Louis Peter Grijp
From the Dialectal Song to Country Rock: Music and Regional Identity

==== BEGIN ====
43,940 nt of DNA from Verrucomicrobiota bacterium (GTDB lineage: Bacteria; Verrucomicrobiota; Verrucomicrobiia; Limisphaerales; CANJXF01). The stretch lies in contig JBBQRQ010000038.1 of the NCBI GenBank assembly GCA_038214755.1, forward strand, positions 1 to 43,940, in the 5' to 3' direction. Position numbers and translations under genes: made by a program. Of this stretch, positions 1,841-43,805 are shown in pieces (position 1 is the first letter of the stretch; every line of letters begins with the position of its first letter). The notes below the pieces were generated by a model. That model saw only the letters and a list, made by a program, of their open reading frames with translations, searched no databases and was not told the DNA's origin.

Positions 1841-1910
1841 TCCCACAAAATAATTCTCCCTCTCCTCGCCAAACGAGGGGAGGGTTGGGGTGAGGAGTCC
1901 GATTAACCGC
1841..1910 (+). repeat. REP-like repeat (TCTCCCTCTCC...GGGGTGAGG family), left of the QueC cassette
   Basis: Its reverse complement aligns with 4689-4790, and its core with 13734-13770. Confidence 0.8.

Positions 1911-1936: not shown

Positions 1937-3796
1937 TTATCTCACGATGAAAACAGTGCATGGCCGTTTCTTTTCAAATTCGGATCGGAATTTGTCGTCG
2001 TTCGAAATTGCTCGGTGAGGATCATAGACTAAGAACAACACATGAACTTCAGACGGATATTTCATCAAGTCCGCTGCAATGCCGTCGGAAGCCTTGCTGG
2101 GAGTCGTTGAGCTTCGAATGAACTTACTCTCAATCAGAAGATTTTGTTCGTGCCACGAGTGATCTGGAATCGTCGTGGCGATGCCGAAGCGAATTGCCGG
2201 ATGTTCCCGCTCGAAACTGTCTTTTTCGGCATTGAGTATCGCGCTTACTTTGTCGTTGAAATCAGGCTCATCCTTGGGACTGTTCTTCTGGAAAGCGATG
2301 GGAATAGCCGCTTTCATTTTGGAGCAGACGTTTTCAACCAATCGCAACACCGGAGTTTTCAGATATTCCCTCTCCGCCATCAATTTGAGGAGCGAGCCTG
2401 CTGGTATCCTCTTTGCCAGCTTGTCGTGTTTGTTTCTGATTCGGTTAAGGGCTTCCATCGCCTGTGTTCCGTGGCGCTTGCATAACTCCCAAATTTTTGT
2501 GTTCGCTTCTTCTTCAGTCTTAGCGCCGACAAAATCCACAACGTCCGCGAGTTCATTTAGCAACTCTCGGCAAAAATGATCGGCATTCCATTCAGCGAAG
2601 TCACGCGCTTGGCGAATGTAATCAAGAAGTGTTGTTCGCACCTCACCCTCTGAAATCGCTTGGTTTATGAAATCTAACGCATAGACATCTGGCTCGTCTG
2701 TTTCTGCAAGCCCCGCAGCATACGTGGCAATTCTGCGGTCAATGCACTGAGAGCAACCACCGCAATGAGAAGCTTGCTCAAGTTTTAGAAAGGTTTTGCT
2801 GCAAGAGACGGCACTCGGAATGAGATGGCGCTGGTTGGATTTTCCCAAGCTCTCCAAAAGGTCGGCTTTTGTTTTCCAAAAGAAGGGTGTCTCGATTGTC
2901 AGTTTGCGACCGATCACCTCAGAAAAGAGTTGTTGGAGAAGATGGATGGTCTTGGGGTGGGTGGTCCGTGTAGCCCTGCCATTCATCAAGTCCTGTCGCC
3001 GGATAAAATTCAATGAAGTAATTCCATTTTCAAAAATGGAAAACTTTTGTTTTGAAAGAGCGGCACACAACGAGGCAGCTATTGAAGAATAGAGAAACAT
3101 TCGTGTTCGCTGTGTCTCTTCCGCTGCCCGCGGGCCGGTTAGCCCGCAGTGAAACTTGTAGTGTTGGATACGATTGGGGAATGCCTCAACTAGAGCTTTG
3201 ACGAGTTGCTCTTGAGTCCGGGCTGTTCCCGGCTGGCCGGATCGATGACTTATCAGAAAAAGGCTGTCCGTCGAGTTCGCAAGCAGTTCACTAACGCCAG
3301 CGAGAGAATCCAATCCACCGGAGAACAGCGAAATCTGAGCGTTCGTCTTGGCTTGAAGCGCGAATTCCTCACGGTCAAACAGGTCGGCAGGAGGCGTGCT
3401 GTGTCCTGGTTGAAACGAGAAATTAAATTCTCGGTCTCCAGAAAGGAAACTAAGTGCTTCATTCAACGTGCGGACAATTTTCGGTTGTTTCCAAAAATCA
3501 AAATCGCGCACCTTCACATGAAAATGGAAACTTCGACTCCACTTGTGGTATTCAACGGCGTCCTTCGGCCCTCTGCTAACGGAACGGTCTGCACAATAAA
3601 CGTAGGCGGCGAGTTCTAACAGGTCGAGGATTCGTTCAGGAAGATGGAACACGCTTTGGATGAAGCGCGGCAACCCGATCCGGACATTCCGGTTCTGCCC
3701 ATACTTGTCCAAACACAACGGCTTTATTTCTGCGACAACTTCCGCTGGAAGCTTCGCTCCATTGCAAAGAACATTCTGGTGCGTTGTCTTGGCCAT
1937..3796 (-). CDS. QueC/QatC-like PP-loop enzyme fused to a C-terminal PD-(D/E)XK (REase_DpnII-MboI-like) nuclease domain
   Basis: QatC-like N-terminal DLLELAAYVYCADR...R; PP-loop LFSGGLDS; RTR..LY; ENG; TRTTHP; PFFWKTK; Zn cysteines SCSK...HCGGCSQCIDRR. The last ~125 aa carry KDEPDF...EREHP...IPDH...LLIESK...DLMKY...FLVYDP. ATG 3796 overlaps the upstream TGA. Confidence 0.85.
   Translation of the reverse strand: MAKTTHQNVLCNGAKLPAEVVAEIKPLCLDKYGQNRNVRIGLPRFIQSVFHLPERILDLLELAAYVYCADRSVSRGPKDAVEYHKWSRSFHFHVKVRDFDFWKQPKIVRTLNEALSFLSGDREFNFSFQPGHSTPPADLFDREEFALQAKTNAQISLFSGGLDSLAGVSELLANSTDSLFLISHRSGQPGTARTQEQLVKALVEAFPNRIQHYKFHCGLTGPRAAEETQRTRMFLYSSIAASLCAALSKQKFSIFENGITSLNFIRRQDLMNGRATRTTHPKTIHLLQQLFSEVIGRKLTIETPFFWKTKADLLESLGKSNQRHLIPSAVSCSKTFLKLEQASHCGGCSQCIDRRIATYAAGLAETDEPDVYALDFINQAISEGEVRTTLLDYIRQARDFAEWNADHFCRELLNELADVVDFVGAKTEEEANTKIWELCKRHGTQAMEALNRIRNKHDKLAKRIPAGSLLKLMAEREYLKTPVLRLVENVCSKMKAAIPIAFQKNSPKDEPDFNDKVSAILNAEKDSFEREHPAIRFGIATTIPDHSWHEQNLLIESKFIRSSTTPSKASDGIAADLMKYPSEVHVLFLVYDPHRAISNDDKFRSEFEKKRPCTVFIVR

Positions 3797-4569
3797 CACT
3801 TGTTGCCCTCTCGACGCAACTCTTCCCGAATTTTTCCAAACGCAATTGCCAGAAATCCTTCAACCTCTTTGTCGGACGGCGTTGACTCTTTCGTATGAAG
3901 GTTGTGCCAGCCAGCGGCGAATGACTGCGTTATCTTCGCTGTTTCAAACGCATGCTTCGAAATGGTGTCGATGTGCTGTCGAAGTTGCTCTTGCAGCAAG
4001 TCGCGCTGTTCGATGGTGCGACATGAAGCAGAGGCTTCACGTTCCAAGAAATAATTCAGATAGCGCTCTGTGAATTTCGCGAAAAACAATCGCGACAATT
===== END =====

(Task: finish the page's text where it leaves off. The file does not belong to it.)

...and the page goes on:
Researching music written and sung in local dialects, one discovers that the assump-tion that dialectal singing - the folk song - is encountered foremost among country folk is simply not true. In fact, folk song specialists have noted the exact opposite: while the people may speak a certain dialect, they sing in standard Dutch because it has more prestige. For centuries intellectuals have written songs in dialect. For example, Bredero and Vondel used the Amsterdam dialect for satirical purposes. In the 17th century, the Frisian poet Gysbert Japix published his light-hearted poems and serious psalms in Frisian. He considered Frisian a fully fledged cultural language and his poems manifest a difference in status between Frisian and the dialects. In the 19th century, Frisian played a pioneering role in dialectal singing. Noteworthy is the absence of old folk songs and traditional melodies. Two types of music can be distinguished, which somewhat form a link between the traditional folk songs and the Romantic elite songs, and contemporary regional music. First, there is `folk', the intellectual revival of folk music. Second, there is a regional resonance of musical trends in the west of the Netherlands (particularly in Hilversum), in the area of cabaret, sentimental tunes and romantic ballads, with carnival songs occupying a special place. Nowadays, dialectal music is only eschewed by the regional radio stations in the heavily urbanised area in the west of the Netherlands. Beyond the `randstad', radio managers ascribe the success of provincial music to the existence of a regional consciousness. In contemporary dialectal music, themes such as humour, the landscape, nature and nostalgia play a great role. It blends typical regional features with contemporary musical styles, including rock, the `chanson', country & western and texmex. Dialect is used to indicate that the music is by the `people', and thus represents one of the pillars of a desired traditional identity.